Trevor Sookraj: So a popular question I get a lot is when do I use an agency or freelancer? And when do I use it to make a full-time hire for my business? This comes up almost, I would say at the seed stage where you’re looking at founders who have capital, have a small team, largely product and engineering, and are trying to think about how can I build out my sales and growth funnel to be able to drive demand and scale my product, and there, you know, part-time talents, probably the best way to do that without making big commitments. The big commitment problem is large because full-time hires take a while to find, we’ve seen that it takes anywhere from three to six months to find a good head of growth hire that fits your culture, aligns with your team, and they’ll come in and hit the ground running. So recruiting isn’t easy not to mention the amount of time it takes founders to interview candidates and figure out who’s a good fit at that stage, which again, is not the best use of their time, given that they’re running the company, along with equity and ownership, you have to give them so all these things kind of climax and saying how can we offer you know agencies or part-time resources for a better Avenue or outcome for some of these startups, agencies are really good when you have transactional needs. So if you’re creating a video for a specific purpose, you need an animation, that’s a great use case, if you’re doing a web redesign that has very specific outcomes, that could be a good use case. That’s where agencies, I would say, come in useful and can be a big help. And that’s because most agencies are verticalized, they focus on specific channels or aspects of your growth, whether it’s design, search engine marketing, email marketing, content, SEO, etc. All those are areas that are likely to be pretty transactional if you know what you need. And it’s most popular, I would say when you scale and certainly your product market fit because that’s exactly when you know exactly what you need to do, you just need help doing it. Because your team is pretty strapped for resources. So for example, if you have a clear audience and clear messaging, and you’ve had repeatability on acquiring customers with that type of pitch, maybe you do have to hire a paid ads agency to take over your channel optimization and run them, run consistent refreshes and keep things optimized there. Because they’re not doing a ton of net new things to drive the results or you know, new tests that you want to do. And if you have those ideas, you can probably quarterback them for an agency because it’s pretty outsourced. Whereas if you’re unsure about those, you know, clear audiences repeatability in your customers, those pieces, outsourcing to an agency or freelancer can be a major issue, because you won’t have visibility into why things aren’t working. And you will assume that it’s probably the two of its problems. But in a lot of cases, they’re not built to handle that type of ambiguity and full-funnel growth that you need from a full-time hire. And that’s usually why I recommend you go and go into the full-time hire route working with a company or an individual species that can kind of plug into your org. And that’s a lot of what we do in a division that has built growth teams for companies that have that head of new the head of growth and growth marketing manager higher. So they’re able to have that effect of being plugged into their organization, looking full funnel not just at the demand generation, but also the product sales, customer success, etc. which you won’t get again with a lot of agencies that are strictly focused on specific aspects of the product. But we also see that there’s a lot of value in the more transactional engagement of agencies where it doesn’t make sense to hire someone on a short term engagement full-time with your company. And also when it makes sense to have someone owning it if it’s just a very transactional activity.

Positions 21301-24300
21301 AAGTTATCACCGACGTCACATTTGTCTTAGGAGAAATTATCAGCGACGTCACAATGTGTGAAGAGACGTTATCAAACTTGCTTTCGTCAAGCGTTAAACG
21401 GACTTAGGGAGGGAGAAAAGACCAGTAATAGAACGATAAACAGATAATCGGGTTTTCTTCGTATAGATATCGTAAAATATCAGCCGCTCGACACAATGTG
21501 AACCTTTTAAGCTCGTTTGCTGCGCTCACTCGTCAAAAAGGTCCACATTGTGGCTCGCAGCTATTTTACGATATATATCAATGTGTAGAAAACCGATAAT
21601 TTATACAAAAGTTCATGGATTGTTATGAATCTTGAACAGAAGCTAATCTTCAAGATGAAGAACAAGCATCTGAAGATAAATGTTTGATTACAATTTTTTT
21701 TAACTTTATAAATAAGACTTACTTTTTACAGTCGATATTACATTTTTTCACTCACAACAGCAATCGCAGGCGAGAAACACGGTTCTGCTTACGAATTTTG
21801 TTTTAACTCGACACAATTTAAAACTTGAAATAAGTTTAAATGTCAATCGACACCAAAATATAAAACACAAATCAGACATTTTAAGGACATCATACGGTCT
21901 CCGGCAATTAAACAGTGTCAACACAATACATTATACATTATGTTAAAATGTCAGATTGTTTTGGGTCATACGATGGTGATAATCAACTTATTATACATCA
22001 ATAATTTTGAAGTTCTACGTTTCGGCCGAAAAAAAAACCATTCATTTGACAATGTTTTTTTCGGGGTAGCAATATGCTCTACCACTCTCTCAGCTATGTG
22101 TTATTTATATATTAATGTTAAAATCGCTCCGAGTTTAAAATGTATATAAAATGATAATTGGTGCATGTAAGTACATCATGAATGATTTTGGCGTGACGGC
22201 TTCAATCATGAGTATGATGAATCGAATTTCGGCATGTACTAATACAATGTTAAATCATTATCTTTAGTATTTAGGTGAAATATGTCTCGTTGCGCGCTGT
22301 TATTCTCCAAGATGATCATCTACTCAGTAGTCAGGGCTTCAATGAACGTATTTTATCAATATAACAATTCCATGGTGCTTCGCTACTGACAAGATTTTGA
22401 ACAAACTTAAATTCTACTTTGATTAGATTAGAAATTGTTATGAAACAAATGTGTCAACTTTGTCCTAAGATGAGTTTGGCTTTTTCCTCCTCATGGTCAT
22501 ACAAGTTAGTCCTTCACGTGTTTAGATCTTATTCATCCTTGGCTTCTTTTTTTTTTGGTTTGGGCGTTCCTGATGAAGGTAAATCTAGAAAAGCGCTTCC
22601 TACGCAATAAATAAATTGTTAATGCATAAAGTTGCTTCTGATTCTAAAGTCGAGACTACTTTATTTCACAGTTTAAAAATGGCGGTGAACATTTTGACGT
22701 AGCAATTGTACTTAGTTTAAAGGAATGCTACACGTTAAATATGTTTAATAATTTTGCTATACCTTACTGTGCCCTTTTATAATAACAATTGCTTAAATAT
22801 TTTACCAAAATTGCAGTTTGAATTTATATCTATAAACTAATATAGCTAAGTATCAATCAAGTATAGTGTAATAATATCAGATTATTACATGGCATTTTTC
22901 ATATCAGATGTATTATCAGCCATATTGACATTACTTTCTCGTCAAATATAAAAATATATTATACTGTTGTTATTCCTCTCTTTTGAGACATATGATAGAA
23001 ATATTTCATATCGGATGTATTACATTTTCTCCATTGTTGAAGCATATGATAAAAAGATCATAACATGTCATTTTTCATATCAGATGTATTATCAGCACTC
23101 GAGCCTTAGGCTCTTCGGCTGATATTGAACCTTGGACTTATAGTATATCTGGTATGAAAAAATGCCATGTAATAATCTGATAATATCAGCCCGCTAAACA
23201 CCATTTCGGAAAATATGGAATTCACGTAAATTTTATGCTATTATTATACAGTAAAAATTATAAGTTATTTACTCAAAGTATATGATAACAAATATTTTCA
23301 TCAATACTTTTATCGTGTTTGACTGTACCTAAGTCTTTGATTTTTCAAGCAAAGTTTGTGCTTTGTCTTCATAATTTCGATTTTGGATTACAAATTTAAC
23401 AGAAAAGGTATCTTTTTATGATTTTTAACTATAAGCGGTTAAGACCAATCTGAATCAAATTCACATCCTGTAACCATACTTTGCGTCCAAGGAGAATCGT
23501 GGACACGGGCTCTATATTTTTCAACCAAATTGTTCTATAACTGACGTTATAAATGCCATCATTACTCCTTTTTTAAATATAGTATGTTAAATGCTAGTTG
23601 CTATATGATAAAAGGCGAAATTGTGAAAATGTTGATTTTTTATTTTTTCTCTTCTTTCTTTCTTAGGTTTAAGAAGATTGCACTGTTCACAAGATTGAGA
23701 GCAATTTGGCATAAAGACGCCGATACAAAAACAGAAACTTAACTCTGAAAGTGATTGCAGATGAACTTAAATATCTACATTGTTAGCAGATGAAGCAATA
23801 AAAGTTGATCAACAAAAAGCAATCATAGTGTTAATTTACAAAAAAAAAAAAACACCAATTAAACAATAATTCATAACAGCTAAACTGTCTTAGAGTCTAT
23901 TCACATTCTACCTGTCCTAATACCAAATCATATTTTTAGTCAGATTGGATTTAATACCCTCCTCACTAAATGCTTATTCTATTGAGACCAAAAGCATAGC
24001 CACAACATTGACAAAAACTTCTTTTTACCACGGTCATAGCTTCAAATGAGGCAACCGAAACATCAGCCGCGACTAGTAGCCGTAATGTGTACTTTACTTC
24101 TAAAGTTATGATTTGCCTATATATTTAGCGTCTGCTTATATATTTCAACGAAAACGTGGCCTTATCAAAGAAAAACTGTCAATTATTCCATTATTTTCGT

Let’s Conclude! 

Saksham Sharda: Thanks everyone for joining us for this month’s episode of Outgrow’s Marketer of the Month. That was Trevor Sookraj, who is the Founder of Divisional. Thanks for joining us, Trevor.

Trevor Sookraj: Thanks for having me.

Saksham Sharda: Check out the website for more details and we’ll see you once again next month with another marketer of the month.